And This is What it Means to be Awake for It

I promised I wouldn't come back
until I had no urge to doodle
on the galaxy walls.

In the remnants of the waiting room
it was all up for grabs –
the money I should have hidden away,
the heart I should have released.

The woman at the head of the circle
made me promise to out-design my fears.

I didn’t text you back. Not once.
You would have said that there
were words for it,
but I didn't want there
to be words for it.

I almost sent you an email.
I had a theory one night that
we all have to find Prometheus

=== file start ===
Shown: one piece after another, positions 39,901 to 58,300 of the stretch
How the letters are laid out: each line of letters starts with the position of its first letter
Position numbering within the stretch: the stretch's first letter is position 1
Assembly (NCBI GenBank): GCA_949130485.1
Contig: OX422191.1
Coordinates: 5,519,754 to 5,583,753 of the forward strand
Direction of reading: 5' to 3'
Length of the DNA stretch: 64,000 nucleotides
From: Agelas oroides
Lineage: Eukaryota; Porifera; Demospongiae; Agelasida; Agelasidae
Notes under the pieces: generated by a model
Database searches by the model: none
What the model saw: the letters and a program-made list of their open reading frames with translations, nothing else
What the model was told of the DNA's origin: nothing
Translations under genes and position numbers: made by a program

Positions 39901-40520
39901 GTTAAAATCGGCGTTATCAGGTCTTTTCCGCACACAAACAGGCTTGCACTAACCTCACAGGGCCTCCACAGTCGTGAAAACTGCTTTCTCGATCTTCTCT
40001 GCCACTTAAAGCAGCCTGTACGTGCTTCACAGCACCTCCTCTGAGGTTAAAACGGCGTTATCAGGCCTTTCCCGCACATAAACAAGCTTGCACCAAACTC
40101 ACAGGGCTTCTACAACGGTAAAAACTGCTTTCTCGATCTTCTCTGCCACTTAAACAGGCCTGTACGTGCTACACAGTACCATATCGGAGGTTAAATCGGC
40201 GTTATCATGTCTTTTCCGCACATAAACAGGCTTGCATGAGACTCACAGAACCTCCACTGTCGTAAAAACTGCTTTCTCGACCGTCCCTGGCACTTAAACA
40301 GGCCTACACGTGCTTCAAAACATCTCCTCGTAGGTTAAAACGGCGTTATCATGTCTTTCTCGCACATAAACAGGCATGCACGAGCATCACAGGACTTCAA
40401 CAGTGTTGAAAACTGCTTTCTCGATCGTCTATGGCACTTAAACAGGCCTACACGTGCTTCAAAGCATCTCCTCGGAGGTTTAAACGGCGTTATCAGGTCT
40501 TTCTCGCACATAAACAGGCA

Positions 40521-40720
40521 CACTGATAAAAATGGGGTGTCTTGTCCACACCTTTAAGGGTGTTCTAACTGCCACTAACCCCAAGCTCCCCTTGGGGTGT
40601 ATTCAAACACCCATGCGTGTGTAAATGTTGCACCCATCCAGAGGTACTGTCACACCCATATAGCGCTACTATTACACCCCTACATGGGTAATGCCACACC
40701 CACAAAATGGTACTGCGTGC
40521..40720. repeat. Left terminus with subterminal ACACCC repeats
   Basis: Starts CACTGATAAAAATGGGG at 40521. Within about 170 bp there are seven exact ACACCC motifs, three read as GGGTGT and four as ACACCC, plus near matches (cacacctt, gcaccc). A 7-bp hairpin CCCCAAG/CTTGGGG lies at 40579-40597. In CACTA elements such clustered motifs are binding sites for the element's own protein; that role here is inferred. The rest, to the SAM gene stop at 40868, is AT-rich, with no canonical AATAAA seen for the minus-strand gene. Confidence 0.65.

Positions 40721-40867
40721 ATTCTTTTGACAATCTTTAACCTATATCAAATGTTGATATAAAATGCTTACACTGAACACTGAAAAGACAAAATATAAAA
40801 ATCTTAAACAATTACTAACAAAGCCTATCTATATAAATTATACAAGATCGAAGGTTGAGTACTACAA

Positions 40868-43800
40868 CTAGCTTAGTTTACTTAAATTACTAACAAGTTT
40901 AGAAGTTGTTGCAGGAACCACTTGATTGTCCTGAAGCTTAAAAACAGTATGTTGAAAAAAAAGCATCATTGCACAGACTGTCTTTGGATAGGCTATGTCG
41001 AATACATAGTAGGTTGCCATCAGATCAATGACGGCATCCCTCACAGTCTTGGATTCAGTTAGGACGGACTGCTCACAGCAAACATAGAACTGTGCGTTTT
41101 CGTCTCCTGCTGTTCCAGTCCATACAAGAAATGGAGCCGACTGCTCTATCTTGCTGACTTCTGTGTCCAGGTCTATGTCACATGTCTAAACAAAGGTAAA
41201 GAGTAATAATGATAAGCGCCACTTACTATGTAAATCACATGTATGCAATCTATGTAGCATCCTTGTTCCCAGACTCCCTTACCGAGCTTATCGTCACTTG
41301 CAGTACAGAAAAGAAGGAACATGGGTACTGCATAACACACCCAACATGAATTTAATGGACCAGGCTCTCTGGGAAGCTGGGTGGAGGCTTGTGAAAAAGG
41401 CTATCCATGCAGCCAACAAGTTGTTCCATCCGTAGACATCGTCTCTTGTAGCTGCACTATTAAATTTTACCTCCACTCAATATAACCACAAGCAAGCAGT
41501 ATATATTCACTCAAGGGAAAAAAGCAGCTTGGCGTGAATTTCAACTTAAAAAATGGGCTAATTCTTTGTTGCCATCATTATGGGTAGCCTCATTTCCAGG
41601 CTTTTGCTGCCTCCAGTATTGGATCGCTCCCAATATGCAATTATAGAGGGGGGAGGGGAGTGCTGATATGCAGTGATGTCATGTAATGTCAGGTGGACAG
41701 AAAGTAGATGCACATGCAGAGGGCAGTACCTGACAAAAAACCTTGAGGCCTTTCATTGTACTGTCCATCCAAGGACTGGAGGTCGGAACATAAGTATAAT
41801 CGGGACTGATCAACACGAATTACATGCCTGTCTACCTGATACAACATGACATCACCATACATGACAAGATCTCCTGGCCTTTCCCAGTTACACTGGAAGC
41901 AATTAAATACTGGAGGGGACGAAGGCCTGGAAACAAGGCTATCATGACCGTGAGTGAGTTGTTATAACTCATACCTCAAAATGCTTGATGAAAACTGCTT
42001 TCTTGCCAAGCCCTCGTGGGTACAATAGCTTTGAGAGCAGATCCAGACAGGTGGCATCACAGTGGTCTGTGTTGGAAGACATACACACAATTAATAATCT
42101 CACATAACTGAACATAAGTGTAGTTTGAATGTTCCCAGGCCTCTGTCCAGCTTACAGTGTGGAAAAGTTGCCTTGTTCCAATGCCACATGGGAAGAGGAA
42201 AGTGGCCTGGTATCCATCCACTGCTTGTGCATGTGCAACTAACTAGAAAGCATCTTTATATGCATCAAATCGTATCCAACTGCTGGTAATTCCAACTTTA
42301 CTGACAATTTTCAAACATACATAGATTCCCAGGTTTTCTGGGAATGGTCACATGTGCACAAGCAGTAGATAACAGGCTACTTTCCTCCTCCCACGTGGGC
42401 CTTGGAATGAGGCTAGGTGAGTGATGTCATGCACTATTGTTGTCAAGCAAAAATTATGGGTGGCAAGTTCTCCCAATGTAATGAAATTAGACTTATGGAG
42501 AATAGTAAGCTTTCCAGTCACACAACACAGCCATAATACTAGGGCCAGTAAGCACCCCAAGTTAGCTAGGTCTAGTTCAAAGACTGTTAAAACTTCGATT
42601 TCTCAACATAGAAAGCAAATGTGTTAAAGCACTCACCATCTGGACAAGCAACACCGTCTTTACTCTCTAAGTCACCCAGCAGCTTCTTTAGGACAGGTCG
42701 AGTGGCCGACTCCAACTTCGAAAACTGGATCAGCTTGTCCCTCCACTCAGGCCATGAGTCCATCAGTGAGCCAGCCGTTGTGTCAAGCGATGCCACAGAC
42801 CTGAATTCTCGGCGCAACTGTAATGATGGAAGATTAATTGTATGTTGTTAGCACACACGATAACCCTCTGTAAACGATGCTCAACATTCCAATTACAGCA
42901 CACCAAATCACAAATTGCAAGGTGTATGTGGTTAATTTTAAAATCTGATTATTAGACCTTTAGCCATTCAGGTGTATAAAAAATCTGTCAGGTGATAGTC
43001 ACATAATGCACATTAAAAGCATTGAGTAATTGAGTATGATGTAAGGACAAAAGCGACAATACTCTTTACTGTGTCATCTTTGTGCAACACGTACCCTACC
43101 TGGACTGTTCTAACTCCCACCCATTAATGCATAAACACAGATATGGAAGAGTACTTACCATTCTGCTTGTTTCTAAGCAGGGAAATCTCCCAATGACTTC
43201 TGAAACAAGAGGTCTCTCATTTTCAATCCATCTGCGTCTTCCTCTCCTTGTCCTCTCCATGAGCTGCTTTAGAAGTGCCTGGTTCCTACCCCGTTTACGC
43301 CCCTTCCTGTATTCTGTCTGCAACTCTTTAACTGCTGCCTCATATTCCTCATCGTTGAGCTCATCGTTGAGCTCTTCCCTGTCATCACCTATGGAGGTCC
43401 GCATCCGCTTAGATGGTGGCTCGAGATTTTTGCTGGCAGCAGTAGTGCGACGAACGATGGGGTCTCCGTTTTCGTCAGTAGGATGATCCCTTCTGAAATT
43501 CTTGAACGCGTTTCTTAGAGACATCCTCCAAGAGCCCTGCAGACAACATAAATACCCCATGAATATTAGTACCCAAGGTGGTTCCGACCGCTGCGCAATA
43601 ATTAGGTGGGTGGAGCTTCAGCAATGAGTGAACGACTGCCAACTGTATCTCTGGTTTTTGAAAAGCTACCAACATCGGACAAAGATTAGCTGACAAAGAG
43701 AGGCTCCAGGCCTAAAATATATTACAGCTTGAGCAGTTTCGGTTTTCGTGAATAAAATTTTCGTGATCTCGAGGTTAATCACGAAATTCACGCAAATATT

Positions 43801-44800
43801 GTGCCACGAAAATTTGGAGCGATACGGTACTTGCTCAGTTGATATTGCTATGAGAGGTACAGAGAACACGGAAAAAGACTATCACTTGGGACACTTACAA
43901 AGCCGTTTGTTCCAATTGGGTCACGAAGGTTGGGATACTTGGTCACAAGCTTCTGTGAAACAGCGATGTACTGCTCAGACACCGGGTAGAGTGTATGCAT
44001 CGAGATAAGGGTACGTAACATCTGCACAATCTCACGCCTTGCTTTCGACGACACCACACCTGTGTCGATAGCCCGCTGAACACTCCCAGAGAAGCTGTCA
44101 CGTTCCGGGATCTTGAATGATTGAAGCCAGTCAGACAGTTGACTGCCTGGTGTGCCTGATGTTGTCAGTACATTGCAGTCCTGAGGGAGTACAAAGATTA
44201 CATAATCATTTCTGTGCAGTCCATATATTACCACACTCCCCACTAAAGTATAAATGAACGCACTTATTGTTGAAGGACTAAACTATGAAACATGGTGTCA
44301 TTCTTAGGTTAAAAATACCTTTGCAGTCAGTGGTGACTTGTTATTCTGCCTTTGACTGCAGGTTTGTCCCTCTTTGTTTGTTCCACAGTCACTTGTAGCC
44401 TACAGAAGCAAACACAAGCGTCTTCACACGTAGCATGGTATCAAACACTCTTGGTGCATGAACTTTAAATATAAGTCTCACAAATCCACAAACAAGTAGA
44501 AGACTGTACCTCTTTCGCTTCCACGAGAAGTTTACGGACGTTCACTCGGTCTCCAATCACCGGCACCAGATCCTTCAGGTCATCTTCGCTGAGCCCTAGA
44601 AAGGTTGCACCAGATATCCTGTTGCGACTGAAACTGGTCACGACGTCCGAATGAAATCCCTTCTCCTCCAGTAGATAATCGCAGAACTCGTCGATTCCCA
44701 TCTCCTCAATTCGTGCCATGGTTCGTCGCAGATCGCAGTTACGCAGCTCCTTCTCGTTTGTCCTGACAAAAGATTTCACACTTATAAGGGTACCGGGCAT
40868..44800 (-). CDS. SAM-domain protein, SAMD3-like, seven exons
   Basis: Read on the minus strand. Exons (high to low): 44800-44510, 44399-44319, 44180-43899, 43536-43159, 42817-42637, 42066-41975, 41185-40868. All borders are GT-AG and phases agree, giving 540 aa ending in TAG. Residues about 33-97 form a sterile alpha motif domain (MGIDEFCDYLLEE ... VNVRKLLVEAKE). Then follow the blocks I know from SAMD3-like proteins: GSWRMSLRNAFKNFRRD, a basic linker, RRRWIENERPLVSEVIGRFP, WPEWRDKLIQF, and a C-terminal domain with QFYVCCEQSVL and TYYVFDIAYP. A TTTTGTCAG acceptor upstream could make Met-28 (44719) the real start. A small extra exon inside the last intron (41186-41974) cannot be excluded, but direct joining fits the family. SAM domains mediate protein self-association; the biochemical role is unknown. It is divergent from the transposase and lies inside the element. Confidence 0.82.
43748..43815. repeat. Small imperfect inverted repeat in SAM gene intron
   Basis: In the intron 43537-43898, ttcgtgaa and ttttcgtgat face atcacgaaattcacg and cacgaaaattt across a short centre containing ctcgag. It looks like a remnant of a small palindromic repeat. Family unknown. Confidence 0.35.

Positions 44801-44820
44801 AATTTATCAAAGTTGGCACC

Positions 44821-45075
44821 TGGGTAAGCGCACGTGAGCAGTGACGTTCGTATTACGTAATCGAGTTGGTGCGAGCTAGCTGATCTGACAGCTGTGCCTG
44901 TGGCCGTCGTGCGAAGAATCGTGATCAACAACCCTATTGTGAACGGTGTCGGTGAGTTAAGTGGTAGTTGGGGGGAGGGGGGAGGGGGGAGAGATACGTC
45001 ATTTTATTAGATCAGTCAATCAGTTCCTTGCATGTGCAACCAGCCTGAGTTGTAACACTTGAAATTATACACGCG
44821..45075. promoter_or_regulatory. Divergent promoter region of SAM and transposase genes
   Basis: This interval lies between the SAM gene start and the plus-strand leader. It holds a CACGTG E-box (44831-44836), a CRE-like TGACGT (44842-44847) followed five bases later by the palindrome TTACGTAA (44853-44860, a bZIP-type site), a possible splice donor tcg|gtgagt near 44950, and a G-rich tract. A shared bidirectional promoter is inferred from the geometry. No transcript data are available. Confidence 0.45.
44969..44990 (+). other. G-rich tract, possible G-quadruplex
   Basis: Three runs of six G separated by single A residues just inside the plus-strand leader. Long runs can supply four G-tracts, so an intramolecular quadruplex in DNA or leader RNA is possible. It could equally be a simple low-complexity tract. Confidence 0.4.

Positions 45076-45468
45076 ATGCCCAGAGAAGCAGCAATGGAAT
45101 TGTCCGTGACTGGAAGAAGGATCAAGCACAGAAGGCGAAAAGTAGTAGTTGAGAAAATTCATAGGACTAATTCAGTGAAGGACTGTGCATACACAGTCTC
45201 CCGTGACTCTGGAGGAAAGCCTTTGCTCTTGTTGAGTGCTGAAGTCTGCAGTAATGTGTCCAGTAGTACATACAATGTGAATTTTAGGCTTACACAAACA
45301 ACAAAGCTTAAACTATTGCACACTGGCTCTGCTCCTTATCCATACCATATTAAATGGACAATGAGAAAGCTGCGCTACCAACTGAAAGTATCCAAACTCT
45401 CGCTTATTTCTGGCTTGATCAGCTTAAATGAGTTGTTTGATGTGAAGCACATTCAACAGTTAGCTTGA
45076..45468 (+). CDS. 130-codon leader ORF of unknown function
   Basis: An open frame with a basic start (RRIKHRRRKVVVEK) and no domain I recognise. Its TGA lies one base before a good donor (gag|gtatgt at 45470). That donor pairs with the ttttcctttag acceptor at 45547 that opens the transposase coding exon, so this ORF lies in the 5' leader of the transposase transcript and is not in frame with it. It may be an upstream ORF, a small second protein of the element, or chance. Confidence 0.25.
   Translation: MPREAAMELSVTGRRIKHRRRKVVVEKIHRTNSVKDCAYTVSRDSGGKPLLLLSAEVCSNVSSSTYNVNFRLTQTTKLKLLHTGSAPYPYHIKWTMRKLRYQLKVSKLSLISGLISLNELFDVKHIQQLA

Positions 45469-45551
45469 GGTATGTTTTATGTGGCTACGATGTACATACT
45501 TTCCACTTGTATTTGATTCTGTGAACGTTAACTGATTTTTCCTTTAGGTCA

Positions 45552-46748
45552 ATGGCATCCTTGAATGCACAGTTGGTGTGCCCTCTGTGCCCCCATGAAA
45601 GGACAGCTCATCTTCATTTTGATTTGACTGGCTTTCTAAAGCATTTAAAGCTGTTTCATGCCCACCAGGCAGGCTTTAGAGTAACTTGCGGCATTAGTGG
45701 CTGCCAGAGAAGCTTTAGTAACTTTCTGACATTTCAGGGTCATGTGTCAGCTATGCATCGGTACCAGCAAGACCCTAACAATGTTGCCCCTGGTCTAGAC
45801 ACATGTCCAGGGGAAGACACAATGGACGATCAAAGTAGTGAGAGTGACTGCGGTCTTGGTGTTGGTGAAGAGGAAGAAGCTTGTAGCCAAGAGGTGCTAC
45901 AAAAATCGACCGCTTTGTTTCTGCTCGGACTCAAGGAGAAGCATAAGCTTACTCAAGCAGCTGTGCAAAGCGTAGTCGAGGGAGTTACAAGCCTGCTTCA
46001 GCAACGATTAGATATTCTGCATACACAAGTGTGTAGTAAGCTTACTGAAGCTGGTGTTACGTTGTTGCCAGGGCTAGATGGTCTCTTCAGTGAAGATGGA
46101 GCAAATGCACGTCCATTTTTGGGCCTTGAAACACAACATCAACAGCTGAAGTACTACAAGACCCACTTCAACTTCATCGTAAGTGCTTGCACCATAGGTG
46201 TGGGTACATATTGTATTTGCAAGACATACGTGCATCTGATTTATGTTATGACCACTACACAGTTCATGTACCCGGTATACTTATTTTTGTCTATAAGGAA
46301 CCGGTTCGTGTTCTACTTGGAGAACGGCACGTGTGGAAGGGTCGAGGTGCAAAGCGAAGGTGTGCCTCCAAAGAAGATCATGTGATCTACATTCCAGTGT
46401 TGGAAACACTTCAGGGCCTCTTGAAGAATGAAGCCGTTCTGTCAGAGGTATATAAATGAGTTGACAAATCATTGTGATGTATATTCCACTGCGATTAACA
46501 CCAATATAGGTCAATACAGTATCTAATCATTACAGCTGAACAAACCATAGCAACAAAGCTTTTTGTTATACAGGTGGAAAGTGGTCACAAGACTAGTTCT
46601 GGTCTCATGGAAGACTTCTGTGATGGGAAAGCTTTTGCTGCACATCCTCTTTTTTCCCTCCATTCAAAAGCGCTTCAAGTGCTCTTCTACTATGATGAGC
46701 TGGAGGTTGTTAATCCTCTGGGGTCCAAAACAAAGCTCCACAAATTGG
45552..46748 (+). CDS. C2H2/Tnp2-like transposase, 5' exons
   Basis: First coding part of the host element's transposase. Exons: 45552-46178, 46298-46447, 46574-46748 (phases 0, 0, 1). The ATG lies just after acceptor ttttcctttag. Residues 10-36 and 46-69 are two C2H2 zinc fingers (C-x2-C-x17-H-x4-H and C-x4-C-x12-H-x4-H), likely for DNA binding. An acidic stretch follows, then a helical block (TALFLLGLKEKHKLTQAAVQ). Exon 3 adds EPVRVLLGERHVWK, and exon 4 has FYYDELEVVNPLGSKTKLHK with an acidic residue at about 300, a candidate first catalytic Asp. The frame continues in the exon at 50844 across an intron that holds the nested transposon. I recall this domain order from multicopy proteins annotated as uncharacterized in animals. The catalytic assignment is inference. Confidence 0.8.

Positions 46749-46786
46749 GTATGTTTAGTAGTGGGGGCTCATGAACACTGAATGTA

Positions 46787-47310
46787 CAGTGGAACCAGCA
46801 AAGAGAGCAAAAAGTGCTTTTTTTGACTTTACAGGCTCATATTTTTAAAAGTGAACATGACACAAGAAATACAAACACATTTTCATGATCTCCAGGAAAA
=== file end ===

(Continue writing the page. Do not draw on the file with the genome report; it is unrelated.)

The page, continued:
or we have to become Prometheus,
that a sane person spends
a lifetime gathering
a handful of fire.

But my return ticket came
with a new identity,
one who endures without
handfuls of fire.
Where he comes from, 
there are 10,000 
words for sleep.

There are no time bombs 
underneath his sofa,
no gods to steal from,
no giants to sedate.

I still imagine a world without him –
one where you and I 
are taken into custody 
after tunneling aimlessly
to the bottom of the sun.


Jason Abbate lives and writes in New York City. His work has been included in publications such as Red Rock Review, The American Journal of Poetry, Black Heart Magazine, Subprimal and pif Magazine. He is the author of Welcome to Xooxville.